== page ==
6. I saw one crawling out on my river rock surrounding ivy on my house. It was very aggressive snarling and flipping around as I tried to study it. Did manage to get it in a glass jar at which time it backed it’s end without the eye over the rim. Brushed it back down with a leaf and it again presented its end without the eye up over the rim of the glass jar. This time I just watched. It opened up an orafice and expelled a brownish orange fluid which first looked like a small balloon before the fluid discharged and ran down the inside of the glass. And then it died. I was horrified and so sad. Next time I’ll just take pictures.

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  7. We have one on our Virginia Creeper in Fort Garry area, along with a baby catterpilar and eggs. It is brown and green colour. We got some beautiful pictures.

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  8. I spotted one of these in my yard last summer— I have creeper all over my house. I also have spotted the one with the eggs so definitely have made their way to Winnipeg!

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  9. I took out a 3 year old Virginia Creeper today and found about 15 of these, maybe 7 of the larger size and 8 smaller instars that are more white. I am in North Kildonan in Winnipeg

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  10. Found an abbots Sphinx moth on Virginia creeper that I was trimming back. I was about to snip the VC and then saw something wiggle. I have kept it in a habitat to observe it. I would appreciate any info available on rearing it to chrysalis or cocoon. Thanks.
    Also, how do I send a photo?

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  11. Have never seen these before yesterday, when suddenly our creeper vine was absolutely decimated. There must be at least 30 on there, in varying stages! We’re in St. Vital, Winnipeg MB.

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  12. Yep, we have found them in our grape vines as well in Fort Garry, Manitoba. They are quite large and do a lot of damage on our vines ( decimated leaves). They are certainly not very pretty but as they are part of nature, I’ll leave them alone. For now!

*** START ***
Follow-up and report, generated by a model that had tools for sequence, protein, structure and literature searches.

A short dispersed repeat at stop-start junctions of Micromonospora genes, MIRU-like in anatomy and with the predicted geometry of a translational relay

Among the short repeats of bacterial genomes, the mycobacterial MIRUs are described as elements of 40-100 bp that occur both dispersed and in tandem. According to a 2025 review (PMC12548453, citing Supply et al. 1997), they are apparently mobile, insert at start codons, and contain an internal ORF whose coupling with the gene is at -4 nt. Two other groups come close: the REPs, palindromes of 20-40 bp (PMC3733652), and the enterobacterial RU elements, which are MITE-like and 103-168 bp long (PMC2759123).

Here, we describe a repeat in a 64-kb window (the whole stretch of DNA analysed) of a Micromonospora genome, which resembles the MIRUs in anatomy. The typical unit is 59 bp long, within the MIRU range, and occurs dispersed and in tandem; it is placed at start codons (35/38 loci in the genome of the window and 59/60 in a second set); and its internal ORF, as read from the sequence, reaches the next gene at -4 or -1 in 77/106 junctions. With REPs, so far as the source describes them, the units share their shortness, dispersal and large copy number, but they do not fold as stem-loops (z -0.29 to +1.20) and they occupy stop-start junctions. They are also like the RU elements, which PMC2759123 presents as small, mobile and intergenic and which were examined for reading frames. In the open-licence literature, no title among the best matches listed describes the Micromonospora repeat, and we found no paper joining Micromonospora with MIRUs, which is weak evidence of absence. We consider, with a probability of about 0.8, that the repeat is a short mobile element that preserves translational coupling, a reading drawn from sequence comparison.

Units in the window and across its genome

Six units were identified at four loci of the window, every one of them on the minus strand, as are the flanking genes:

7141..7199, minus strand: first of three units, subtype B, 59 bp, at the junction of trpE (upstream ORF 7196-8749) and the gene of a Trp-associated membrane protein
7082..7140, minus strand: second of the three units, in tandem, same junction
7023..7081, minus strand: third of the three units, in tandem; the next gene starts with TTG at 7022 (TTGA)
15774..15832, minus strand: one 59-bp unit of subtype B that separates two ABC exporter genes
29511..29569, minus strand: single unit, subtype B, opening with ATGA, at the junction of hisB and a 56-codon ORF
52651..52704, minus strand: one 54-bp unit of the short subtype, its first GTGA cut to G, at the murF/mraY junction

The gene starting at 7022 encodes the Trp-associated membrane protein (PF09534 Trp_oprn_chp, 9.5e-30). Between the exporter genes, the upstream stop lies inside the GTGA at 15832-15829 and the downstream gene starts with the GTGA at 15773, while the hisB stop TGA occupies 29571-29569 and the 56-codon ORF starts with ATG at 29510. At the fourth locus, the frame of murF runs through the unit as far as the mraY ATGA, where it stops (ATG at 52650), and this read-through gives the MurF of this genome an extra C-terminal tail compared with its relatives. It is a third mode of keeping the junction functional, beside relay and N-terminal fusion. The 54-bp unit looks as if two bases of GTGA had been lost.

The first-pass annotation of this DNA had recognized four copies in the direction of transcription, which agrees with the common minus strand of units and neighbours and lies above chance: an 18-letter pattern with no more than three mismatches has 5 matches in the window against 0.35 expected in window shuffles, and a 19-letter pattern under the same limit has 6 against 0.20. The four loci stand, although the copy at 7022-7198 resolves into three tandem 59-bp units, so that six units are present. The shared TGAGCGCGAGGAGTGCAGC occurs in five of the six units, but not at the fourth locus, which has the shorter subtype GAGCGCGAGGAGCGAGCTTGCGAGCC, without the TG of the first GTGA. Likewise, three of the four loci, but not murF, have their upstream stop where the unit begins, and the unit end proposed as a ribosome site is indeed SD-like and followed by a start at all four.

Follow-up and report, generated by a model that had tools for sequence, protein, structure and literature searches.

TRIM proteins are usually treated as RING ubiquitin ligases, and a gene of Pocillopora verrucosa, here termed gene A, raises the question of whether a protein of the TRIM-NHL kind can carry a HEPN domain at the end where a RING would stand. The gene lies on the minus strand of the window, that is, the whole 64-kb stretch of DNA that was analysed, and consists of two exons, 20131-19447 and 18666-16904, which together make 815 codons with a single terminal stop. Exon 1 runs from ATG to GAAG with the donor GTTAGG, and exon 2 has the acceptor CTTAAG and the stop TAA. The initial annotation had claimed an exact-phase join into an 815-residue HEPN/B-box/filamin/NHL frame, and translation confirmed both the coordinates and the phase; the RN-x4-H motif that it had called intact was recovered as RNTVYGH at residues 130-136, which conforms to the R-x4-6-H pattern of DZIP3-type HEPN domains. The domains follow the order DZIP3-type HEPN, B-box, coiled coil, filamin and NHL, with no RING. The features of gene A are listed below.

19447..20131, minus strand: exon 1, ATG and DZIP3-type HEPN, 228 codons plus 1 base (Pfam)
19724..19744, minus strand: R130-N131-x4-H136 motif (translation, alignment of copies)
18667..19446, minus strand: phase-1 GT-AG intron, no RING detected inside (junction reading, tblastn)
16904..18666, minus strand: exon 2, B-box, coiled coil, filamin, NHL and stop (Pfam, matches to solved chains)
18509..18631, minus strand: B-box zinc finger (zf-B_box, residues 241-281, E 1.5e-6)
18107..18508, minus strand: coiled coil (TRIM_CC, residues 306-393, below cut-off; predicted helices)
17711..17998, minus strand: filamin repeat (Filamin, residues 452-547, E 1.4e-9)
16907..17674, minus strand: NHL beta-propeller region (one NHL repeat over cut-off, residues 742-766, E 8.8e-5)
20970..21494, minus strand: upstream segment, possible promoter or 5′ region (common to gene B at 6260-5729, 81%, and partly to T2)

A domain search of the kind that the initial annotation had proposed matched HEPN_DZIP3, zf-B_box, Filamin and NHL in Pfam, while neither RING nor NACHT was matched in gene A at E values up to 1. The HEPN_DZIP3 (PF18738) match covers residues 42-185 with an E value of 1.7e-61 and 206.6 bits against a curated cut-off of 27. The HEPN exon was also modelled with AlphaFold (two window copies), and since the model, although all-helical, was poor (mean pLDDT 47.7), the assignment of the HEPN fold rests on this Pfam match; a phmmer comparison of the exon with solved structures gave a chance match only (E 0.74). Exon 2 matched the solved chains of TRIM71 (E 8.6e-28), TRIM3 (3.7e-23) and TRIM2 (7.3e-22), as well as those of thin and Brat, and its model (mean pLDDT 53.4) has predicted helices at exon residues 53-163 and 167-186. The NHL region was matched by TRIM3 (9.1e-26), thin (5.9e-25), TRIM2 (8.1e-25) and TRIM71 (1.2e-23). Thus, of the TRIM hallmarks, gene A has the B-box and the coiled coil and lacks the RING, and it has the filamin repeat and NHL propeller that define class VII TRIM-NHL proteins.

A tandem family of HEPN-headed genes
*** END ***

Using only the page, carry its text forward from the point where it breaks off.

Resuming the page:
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  13. Found one yesterday at our place on East Lake Winnipeg in Manitoba. Very aggressive and almost impossible to hold. Put it in the bush. It was on the house

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  14. Found one of these creepy dudes in my backyard in Barrie Ontario. He was moving his head around and trying to strike us but we managed to kill it before anything happened. Weird!

    Reply
    • Abbott’s Sphinx Caterpillars pose no threat to humans and killing it before anything happened seems to us to be an extreme reaction.

      Reply
  15. We live in New Brunswick, Canada. Our pup found one this morning by our grape vines. First time we’ve seen one and didn’t know what it was. Got pics and then let go.

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  16. Kevin that is Interesting because we have some wild grapes behind the house. It is also where I put the caterpillar because it was a dense area that I thought offered protection. Maybe there is a link to grapes?